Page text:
Life Is Meant To Be Lived
By Alex Fafara
Everyone I’ve asked can tell me his or her favorite family vacation, the one that
they remember the most. The location, the time of year, what their crazy brother did that
they laughed about for months following. The vacation I remember most has a different
inflection. I was twelve years old, the first week of August 2003. My family and I were
on the Canadian side of Niagara Falls, at the summer convention of my father’s fraternity.
The vacation started out amazingly. I had never been outside of the country
before. Of course, I was looking forward to this, in part, because it was the convention. It
was a look into my dad’s life. I know all, if not most, of the alumni who attend, even call
them “Uncle” this, or “Uncle” that. They are my extended family, which I see on
occasion throughout the year.
One of the first nights that we stayed, there were rolling blackouts across Canada.
I know this because my family, the fraternity alumni, their families, and I, were sitting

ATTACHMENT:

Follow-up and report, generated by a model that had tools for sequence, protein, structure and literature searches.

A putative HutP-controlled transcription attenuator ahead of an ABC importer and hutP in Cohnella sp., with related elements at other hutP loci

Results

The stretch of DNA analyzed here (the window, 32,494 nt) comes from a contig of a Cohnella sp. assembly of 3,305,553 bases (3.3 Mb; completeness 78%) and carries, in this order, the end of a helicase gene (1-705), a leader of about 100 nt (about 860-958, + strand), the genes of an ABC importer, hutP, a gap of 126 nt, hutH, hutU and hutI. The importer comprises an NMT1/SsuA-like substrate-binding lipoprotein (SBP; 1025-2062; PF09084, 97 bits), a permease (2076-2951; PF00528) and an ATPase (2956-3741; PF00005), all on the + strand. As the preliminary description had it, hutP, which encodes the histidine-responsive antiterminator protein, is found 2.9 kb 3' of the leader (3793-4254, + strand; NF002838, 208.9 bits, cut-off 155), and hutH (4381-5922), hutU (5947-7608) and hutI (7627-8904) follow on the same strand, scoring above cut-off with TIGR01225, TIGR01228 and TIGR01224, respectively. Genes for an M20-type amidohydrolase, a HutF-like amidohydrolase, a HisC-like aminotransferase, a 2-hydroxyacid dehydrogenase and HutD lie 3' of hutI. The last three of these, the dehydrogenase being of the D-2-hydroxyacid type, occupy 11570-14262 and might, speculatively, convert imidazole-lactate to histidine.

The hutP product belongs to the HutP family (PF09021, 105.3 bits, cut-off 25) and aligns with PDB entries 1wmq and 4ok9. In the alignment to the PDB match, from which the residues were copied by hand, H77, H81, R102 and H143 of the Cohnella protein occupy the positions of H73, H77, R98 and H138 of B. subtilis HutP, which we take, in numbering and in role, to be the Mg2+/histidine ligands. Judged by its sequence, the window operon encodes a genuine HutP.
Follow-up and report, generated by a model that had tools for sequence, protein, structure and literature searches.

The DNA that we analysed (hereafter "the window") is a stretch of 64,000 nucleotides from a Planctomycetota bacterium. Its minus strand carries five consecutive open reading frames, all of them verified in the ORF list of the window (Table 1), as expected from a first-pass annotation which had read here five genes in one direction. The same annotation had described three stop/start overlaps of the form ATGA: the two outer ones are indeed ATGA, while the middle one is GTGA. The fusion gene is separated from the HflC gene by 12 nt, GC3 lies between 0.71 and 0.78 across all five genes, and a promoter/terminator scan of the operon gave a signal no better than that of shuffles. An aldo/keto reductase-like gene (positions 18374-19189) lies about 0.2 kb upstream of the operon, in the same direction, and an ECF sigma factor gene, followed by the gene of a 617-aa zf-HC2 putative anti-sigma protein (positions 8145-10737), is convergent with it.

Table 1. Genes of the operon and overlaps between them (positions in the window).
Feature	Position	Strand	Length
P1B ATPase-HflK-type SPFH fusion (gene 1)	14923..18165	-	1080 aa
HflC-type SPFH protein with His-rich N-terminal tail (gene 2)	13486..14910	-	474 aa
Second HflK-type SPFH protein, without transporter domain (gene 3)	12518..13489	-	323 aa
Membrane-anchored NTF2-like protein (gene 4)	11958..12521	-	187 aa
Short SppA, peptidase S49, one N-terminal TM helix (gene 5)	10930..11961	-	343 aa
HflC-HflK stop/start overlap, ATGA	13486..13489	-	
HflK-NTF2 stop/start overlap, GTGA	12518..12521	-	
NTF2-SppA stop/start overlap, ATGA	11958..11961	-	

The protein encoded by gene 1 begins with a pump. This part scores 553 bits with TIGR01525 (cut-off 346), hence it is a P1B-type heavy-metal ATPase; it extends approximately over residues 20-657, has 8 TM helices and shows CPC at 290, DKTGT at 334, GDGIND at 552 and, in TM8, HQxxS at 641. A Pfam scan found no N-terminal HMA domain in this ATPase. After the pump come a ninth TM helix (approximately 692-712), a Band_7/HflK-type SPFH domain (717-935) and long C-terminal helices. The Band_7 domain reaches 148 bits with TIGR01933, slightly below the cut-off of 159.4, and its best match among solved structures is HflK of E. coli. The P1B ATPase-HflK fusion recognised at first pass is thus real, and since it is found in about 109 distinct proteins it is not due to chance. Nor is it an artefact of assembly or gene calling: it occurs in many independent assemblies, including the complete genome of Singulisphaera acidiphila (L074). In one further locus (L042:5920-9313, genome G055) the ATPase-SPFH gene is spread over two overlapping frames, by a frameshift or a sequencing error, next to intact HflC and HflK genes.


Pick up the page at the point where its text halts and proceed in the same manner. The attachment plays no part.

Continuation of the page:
comfortably in the hospitality room that we had rented from the hotel, watching the
weatherman on television show us the vast darkness on the map, surrounding the one
particular town in which we were staying. The adult’s would be all serious one minute,
then laugh and look at “the young’uns,” namely my sisters and me, and ask, “Uh oh, what
did you guys touch?”
Over the next few days, we took a boat tour around the bottom of the falls, saw
the local wine making vineyard (adults only of course), and did ordinary foreign tourism
things like hitting up as many gift shops as possible, and taking pictures with the most
mundane of things just because we were in Canada baby!
But I don’t remember the trip